Mourdock’s comments were, in contrast, consistent with the overall position of pro-life Christians that every life, regardless of how it is created, is sacred, loved by God, and deserves protection. During the debate last night Mourdock stated, “I just struggled with it myself for a long time, but I came to realize: Life is that gift from God that I think even if life begins in that horrible situation of rape, that it is something that God intended to happen.” The outrage is, rightfully, centered on the second half of that comment where it seems to indicate that Mourdock believes that a rape is an event that is preordained by God. Before noon on the east coast, Mourdock held a press conference to discuss his comments and clarify his position on the theological underpinnings of his pro-life stance, stating that he believes that he in no way supports rape and that it is a violent and inexcusable act. The response from the Mourdock campaign, having the candidate immediately and publicly clarify his statements to the press, was nothing like the chaotic and unprofessional reaction of the Akin campaign. 

A candidate should never have to clarify their position on rape, nor should they have to hold a press conference to tell the world that they don’t believe that a rape is an act of God two weeks before election day. Especially after the furor that lasted for several weeks over Todd Akin’s statements, Richard Mourdock should have been expecting a “gotcha” question at some point in his candidacy, considering his position on rape and incest exemptions. While Mourdock’s comments aren’t in the same league as Akin’s, unfortunately for the GOP, that won’t stop the comparisons, however inaccurate. With two weeks to go before an election that was already a toss up, it might be too late for Mourdock or Republicans to correct the narrative in time to save the seat or their hopes of a GOP majority in the Senate.

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Did Mourdock Just Lose the Senate?

Republican hopes for taking back the Senate this year have absorbed a variety of blows in the past several months. Olympia Snowe’s retirement and Todd Akin’s comments about pregnancy and rape dramatically reduced the chances of a GOP takeover. But Richard Mourdock’s saying that a pregnancy caused by rape is something that God intended to happen may have been the coup de grace. Here’s the quote from an answer to a question about his opposition to even the rape exception on abortion:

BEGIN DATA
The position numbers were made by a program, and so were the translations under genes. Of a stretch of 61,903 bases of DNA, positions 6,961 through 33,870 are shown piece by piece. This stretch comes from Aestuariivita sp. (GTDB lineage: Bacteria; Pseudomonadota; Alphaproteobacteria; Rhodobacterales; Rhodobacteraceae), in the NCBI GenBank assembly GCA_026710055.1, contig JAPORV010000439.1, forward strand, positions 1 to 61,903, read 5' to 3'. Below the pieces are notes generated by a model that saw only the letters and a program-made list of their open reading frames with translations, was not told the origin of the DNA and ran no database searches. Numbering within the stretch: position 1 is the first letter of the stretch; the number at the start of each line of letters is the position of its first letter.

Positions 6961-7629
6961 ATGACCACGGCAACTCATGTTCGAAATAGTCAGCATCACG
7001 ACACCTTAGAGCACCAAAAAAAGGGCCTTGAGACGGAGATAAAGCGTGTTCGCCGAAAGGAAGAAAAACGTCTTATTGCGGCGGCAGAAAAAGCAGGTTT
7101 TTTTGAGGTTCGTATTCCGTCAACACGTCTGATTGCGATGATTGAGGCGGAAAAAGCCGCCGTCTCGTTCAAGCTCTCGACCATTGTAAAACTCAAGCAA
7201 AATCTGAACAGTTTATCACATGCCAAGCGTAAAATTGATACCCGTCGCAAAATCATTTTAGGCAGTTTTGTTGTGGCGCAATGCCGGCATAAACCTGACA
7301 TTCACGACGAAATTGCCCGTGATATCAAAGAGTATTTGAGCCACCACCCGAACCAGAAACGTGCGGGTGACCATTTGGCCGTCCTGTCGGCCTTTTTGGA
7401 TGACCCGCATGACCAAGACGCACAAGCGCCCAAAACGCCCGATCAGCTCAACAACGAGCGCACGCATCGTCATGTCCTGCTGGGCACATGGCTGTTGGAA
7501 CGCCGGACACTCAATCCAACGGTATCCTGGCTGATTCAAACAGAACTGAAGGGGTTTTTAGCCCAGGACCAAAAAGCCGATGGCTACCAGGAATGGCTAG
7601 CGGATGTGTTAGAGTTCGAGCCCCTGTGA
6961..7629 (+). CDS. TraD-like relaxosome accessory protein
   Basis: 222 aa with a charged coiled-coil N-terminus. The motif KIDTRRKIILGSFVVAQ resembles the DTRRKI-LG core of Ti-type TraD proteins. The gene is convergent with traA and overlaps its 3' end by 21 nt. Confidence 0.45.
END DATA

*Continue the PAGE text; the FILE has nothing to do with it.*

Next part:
I’ve struggled with it myself for a long time, but I came to realize that life is that gift from God. And even when life begins in that horrible situation of rape, that it is something that God intended to happen.

Mourdock, who toppled longtime moderate GOP incumbent Richard Lugar in a Republican primary, was locked in an unexpectedly tight race with Democrat Joe Donnelly even before last night. Donnelly has benefited from Lugar’s petulant refusal to endorse Mourdock, something that fed the perception that the Republican was a Tea Party extremist. But saying something that could be interpreted as meaning that he believed God intended rape to happen could tip the balance in the election. The loss of the Indiana seat would make it almost impossible for the Republicans to get to 50 or 51 even if they were able to pull off upsets in Ohio and Connecticut and hold onto Scott Brown’s endangered Massachusetts seat.

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Republican hopes for taking back the Senate this year have absorbed a variety of blows in the past several months. Olympia Snowe’s retirement and Todd Akin’s comments about pregnancy and rape dramatically reduced the chances of a GOP takeover. But Richard Mourdock’s saying that a pregnancy caused by rape is something that God intended to happen may have been the coup de grace. Here’s the quote from an answer to a question about his opposition to even the rape exception on abortion:

I’ve struggled with it myself for a long time, but I came to realize that life is that gift from God. And even when life begins in that horrible situation of rape, that it is something that God intended to happen.